Transportation Planning and Technology (TRANSPORT PLAN TECHN)

Publisher: Taylor & Francis (Routledge)

Journal description

Section A: Transportation Planning and Technology presents papers covering transport demand models, land use forecasting models, economic evaluation and its relationship to policy in both developed and developing countries, conventional and possibly unconventional future systems technology, urban and interurban transport terminals and interchanges and environmental aspects associated with transport (particularly those relating to noise, pollution and the movement of hazardous materials) as well as more narrowly focused technical papers. Considerable emphasis is placed on work relating to the interface between transportation planning and technology, economics, land use planning, and policy. The journal contains in-depth state-of-the-art papers on transport topics. Section B: Specialized Transportation Planning and Practice is concerned with issues affecting the mobility of special groups in society for whom traditional transportation programs and services are now well designed or deemed suitable. These special groups, increasingly referred to as the transportation disadvantaged, include the elderly, the physically and emotionally impaired, and families with low incomes. The intent of this section is to contribute to improving the mobility of special groups. To that end, this section gathers and disseminates soundly based knowledge on the transportation disadvantaged, derived from research, service methods demonstrations, documented experiences from the field, advances in transport-related technology, and changes in public policy as a result of legislative action, administrative regulations or judicial decisions.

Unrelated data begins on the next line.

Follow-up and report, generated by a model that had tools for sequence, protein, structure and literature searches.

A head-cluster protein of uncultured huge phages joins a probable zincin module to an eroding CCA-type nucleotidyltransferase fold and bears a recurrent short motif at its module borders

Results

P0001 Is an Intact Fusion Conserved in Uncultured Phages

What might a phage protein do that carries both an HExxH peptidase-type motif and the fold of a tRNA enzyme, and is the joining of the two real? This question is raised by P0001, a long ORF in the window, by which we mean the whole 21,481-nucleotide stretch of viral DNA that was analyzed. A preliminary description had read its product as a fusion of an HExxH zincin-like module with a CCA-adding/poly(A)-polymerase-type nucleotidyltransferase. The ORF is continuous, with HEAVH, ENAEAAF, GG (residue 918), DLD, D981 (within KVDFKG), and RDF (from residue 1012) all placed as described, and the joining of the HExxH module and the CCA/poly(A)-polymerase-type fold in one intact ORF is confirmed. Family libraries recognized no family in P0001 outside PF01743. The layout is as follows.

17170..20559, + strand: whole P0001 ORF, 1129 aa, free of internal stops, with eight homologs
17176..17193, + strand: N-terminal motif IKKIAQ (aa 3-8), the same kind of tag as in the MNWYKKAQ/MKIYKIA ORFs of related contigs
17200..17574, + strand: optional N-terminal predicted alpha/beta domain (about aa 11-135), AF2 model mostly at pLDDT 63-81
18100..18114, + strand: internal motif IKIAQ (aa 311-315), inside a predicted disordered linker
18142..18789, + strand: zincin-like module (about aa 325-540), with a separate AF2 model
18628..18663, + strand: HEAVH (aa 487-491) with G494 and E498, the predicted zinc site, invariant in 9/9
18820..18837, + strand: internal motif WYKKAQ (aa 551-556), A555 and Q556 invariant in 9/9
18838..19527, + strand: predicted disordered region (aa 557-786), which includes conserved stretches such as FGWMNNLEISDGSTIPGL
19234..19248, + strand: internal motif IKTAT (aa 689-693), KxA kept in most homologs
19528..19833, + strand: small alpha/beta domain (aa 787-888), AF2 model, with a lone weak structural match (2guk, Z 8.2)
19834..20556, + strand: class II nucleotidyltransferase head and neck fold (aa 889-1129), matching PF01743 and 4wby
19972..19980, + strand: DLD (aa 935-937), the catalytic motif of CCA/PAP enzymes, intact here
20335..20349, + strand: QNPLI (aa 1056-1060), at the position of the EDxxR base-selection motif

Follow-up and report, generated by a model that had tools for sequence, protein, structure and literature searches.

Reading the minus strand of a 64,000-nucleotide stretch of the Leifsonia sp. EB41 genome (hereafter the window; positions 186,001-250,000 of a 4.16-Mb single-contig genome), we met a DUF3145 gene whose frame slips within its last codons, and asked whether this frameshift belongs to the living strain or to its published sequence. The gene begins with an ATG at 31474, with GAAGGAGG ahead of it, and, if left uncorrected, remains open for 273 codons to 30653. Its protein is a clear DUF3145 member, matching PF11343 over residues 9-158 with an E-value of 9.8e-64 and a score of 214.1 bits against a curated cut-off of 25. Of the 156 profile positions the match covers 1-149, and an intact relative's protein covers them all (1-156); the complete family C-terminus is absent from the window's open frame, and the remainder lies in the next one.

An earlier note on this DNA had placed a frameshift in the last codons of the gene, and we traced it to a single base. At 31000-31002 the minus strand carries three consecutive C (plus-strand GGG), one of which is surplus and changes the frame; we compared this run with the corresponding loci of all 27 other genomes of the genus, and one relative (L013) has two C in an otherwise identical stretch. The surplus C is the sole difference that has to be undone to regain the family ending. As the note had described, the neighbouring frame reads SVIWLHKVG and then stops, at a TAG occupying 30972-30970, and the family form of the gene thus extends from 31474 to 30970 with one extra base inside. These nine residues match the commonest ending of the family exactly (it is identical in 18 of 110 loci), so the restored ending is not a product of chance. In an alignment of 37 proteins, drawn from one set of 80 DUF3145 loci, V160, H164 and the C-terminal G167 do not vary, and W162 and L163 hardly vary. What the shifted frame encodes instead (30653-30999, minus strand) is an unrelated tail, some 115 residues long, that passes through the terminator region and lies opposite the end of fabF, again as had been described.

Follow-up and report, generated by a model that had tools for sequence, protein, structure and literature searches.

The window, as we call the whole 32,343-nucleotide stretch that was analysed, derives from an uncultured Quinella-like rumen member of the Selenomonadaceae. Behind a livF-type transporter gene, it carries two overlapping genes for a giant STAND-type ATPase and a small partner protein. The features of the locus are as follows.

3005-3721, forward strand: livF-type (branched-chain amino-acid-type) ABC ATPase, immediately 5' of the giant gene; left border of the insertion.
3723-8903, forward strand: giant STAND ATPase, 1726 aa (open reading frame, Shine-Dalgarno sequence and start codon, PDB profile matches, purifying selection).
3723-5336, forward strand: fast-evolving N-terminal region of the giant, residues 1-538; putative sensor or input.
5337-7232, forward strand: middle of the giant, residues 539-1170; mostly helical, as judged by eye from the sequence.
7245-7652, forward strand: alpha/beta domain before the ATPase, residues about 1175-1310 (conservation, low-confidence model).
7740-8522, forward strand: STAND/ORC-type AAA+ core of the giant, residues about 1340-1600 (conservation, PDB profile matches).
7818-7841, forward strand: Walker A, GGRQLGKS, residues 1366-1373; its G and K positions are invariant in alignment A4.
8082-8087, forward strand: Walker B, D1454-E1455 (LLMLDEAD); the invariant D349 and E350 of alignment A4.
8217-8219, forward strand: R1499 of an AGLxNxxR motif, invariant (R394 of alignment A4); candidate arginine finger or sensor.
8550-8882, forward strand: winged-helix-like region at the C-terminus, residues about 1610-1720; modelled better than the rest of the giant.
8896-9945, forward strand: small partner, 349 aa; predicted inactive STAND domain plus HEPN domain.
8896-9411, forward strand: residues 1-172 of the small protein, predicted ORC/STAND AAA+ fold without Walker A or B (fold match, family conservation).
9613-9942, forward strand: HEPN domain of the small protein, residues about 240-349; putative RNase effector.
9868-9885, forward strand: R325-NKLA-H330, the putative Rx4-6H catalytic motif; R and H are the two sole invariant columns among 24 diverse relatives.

Current impact factor: 0.43

Impact Factor Rankings

2015 Impact Factor Available summer 2015
2012 Impact Factor 0.427
2011 Impact Factor 0.203
2010 Impact Factor 0.411
2009 Impact Factor 0.516
2008 Impact Factor 0.286
2007 Impact Factor 0.106
2006 Impact Factor 0.156
2005 Impact Factor 0.182
2004 Impact Factor 0.139
2003 Impact Factor 0.269
2002 Impact Factor 0.12
2001 Impact Factor
2000 Impact Factor 0.032
1999 Impact Factor 0.176
1998 Impact Factor 0.147
1997 Impact Factor 0.231
1996 Impact Factor 0.148

Impact factor over time

Impact factor

Additional details

5-year impact 0.65
Cited half-life 6.30
Immediacy index 0.09
Eigenfactor 0.00
Article influence 0.27
Website Transportation Planning and Technology website
Other titles Transportation planning and technology (Online)
ISSN 0308-1060
OCLC 50447092